[Ref.3] Distribution Channels under the Pharmaceutical Affairs Law (Enforced in April 1,2005)
[Ref.4] Three Roles of Manufacturer-Sellers

When newly importing cosmetics, the following procedures are necessary. 

1) Application for permit for manufacture and sale of cosmetics
2) Application for permit for manufacture of cosmetics (not required when consigned to other companies)
3) Contract for use of test and inspection facilities (when lacking own inspection facilities)
4) Notification of foreign manufacturer of cosmetics (application for each foreign manufacturer) Finished
     same day
5) Notification for manufacture and sale of cosmetics (application for each product): Finished same day
6) Import notification for cosmetics (application for each product): Finished same day
7) Customs clearance procedures
3-2. Health Foods

"Health foods" is a general, not legal expression. The related laws include the "Pharmaceutical Affairs Law", the "Premiums and Representations Act", the "Health Promotion Law", the "Food Sanitation Law" and the "JAS Law". Food is in principle covered by the "Food Sanitation Law", but comes under the "Pharmaceutical Affairs Law" and the "Act Against Unjustifiable Premiums and Misleading Representations" as "pharmaceuticals" depending on how their efficacy and effect are marketed (labeled)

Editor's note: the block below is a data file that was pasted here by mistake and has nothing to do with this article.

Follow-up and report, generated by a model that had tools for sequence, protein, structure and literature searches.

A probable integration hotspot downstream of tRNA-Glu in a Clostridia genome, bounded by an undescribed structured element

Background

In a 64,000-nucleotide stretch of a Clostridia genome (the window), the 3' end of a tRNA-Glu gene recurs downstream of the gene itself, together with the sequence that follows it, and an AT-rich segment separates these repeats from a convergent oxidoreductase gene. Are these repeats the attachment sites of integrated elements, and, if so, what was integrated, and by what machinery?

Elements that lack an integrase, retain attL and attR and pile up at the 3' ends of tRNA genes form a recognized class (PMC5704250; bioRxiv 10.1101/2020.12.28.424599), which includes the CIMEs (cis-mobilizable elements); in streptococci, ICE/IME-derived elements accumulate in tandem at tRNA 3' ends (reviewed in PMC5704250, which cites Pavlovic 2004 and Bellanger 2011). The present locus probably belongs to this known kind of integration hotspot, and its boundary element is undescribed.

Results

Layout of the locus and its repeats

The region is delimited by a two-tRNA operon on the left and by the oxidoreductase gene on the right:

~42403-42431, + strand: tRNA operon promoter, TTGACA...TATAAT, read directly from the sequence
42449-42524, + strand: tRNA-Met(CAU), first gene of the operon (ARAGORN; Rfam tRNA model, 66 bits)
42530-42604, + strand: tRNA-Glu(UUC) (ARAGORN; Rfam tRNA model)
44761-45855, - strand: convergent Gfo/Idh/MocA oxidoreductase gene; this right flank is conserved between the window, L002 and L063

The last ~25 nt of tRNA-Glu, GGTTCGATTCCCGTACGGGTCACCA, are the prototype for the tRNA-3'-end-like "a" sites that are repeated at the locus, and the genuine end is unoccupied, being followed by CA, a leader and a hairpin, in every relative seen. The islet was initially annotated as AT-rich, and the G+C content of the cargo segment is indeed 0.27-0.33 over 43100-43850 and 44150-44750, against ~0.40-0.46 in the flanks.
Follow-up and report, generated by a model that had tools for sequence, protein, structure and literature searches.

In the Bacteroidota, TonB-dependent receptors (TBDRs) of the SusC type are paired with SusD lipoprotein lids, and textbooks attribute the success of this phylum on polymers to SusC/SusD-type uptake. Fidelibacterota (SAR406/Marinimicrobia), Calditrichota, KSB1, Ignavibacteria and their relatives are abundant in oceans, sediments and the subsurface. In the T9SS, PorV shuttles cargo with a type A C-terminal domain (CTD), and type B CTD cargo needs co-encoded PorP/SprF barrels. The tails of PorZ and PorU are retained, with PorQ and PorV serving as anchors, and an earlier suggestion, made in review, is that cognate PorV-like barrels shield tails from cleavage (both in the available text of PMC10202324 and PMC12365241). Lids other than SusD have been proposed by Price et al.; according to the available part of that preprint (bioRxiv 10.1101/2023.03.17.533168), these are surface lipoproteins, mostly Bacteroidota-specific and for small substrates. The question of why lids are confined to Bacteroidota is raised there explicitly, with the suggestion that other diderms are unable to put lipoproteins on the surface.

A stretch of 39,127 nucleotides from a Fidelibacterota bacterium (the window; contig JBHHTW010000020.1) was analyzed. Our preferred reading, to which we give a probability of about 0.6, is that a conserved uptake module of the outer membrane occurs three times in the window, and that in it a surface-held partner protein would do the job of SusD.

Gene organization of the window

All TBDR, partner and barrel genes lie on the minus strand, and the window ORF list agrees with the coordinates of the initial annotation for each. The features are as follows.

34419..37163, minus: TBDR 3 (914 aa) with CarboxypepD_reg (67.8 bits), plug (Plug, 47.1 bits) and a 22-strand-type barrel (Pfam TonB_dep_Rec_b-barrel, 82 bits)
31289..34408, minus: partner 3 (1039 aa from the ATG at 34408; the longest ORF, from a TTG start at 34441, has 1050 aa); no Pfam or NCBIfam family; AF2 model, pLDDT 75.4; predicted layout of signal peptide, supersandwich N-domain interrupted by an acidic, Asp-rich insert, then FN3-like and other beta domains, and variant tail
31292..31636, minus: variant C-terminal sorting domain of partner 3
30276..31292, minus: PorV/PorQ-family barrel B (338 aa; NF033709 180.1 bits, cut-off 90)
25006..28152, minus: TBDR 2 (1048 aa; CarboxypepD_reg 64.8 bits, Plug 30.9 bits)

However, as an exception, efficacy and effect can be labeled for "special health food" defined under the "Health Promotion Law" (so-called "nutritional function food"). Labeling as gspecial health foodh is limited to the fields of action of regulation of intestinal functions, action against high blood pressure, action against diabetes, etc.

A gspecial health foodh mark is issued by the Ministry of Health, Welfare, and Labor. Submission of test data by designated test organizations is required. In general, acquisition of this mark reportedly requires several hundred million yen. Further, any changes in the test criteria requires the tests be redone and involve new costs.
There are the following cases where labeling of efficacy and effect as "food" is not allowed without obtaining authorization:
1) Expressions relating to nutritional supplementation, maintenance of health and beauty.
   The expression gnutritional supplementationh itself is not considered a pharmaceutical-like efficacy
   or effect. It is not possible to suggest improvement of physiological functions by supplementing
   deficient nutritional ingredients or by aiming at nutritional supplementation for specific locations.

   <Allowable labeling> "Nutritional supplementation for persons at  peak of their